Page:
I just read Elder Oaks and Wickman's interview on SSA. I didn't finish it with a lot of optimism for overcoming SSA. They didn't say that I could just go dip myself in the river Jordan seven times and it would go away. They outlined the path as a very tough one to follow. But it is our path to trod. Our challenge in life is not with SSA, it is for us to individually figure out what it takes for us to submit our will to the Lord. "If it be thy will, let this cup pass from me. Nevertheless, not my will but thine be done." We have to figure out how to really be like Jesus. Not the fluff you learned in primary about being nice to other people, but of kneeling in Gethsemene knowing the suffering he would have to endure and still being willing to do it.

I'm sure that we knew we'd be facing these problems when we were in the pre-existence. Although, I wonder if someone tricked me into signing up for it. ;P

3:30 PM  
Blogger Chris said...

Living life as an honest openly gay man and seeking to love and be loved by another man will not automatically make you miserable.

Continuing to believe what the LDS Church teaches about homosexuality, on the other hand, just might.

You're right about one thing, Elbow. Fear has a very firm hold on you right now.

4:35 PM  
Blogger MoHoHawaii said...

When I came out I too was driven by desires for "goodness." The stress of it was killing me. In the end I had to give up goodness for authenticity. It was a matter of saving my sanity and maybe my life.

The irony is that after I dropped goodness as a goal and tried for authenticity instead I became a better person. I became less judgmental and certainly more empathetic. The quality of my personal relationships improved a lot. It was like night and day with my family on this score. My parenting skills improved.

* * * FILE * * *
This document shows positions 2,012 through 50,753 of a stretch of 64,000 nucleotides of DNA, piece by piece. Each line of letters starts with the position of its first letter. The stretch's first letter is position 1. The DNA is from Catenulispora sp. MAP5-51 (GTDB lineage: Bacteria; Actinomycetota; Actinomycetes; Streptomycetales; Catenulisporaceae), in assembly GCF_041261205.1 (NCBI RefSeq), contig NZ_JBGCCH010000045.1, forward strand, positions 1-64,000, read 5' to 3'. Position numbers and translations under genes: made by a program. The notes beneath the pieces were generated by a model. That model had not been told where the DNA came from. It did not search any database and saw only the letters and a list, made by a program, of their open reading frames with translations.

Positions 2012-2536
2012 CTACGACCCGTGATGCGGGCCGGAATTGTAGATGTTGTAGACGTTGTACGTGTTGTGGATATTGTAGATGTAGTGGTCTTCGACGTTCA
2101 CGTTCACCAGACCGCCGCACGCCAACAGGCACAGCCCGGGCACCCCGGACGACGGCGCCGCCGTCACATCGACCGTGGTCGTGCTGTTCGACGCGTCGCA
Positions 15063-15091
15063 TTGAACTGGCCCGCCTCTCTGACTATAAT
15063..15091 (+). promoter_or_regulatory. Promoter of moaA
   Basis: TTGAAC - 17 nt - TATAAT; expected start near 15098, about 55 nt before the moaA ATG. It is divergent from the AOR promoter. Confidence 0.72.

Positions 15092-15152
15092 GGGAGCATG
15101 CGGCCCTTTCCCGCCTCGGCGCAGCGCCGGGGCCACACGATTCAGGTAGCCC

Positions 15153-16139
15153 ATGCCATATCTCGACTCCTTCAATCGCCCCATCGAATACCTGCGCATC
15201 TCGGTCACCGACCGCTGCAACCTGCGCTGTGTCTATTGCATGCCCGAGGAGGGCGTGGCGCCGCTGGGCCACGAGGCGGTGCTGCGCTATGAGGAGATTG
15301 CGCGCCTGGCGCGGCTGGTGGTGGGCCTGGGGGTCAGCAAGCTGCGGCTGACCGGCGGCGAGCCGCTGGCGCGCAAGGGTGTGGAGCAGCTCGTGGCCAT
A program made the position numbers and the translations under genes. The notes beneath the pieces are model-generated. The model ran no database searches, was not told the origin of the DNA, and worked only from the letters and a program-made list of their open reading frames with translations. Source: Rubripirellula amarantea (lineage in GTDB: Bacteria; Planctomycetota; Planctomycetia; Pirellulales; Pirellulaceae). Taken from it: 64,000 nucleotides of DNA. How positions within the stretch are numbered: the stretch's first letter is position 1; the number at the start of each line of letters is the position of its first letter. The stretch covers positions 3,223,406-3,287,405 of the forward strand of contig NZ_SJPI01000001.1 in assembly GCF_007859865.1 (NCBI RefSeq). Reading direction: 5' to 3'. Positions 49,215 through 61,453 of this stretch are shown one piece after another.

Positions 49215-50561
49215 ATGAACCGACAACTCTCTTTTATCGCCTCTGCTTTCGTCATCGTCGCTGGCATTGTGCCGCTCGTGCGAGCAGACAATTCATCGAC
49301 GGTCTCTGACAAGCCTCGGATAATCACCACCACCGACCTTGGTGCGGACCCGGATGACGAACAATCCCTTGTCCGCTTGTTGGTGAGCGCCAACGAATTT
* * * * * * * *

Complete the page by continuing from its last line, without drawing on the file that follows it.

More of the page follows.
Of course, what worked for me may not work for you.

6:15 PM  
Blogger Beck said...

Your wrestling match is exhausting to watch! The suspense of who's going to win is killing me! :)

Talk to me, man! Email me! Do something! Don't take this wrestling match alone!

8:58 AM  
Blogger Stephalumpagus said...

I'm not gay, so I suppose my advice isn't the most credible in this situation. But I do have a lot of gay friends--in and out of the Church. My recommendation for you is to make a decision and stick to it. Really think it out, write down the pro's and con's of each decision. Then decide whether to leave the Church or stay in it. Once you've made your decision, stick to it. Later in life, if you don't like the choice you made, it will never be too late to change. This is a really hard decision. I wish you the best of luck.

5:01 PM  
Blogger Mormon Enigma said...

Elbow, we all have our opinions, which are varied. But, I believe we all love you, and all any of us want is for you to be happy. We will support you in whatever decision you ultimately make - as long as you feel it is the right decision and feel good about it.

But, please do something! This is killing you. If you want to talk to someone (via email, phone, etc.), I'm sure any number of us would be willing to lend a sympathetic ear.

7:59 PM  
Blogger -L- said...

I was thinking the other day that I've ranted at you on your blog more than perhaps anyone else. (But still not too much I don't think!) It has kind of scared me off of saying what's on my mind on several of the other blogs. I don't know when people just want to be listened to and reassured or whether they're actually looking for advice...

But, in case you are looking... ;-)

You need some clarity and counseling is the best way to get it. Bless our little hearts, we bloggers don't have the expertise to really do it justice when the situation escalates to the level you're describing.

I know I've said it ad nauseum, but it's still true.

The other thing I've said more than once is that I think marriages' fates shouldn't hang on an individual's vascillating fear-inspired personal searching, but on a shared effort to address problems that affect you both. You are already married. Of course, I realize things may be different for you depending on your wife's mental status (all the more need for a professional). She should be on your side no matter what, and you shouldn't be afraid to expect that of her.

9:28 PM  

Post a Comment

<< Home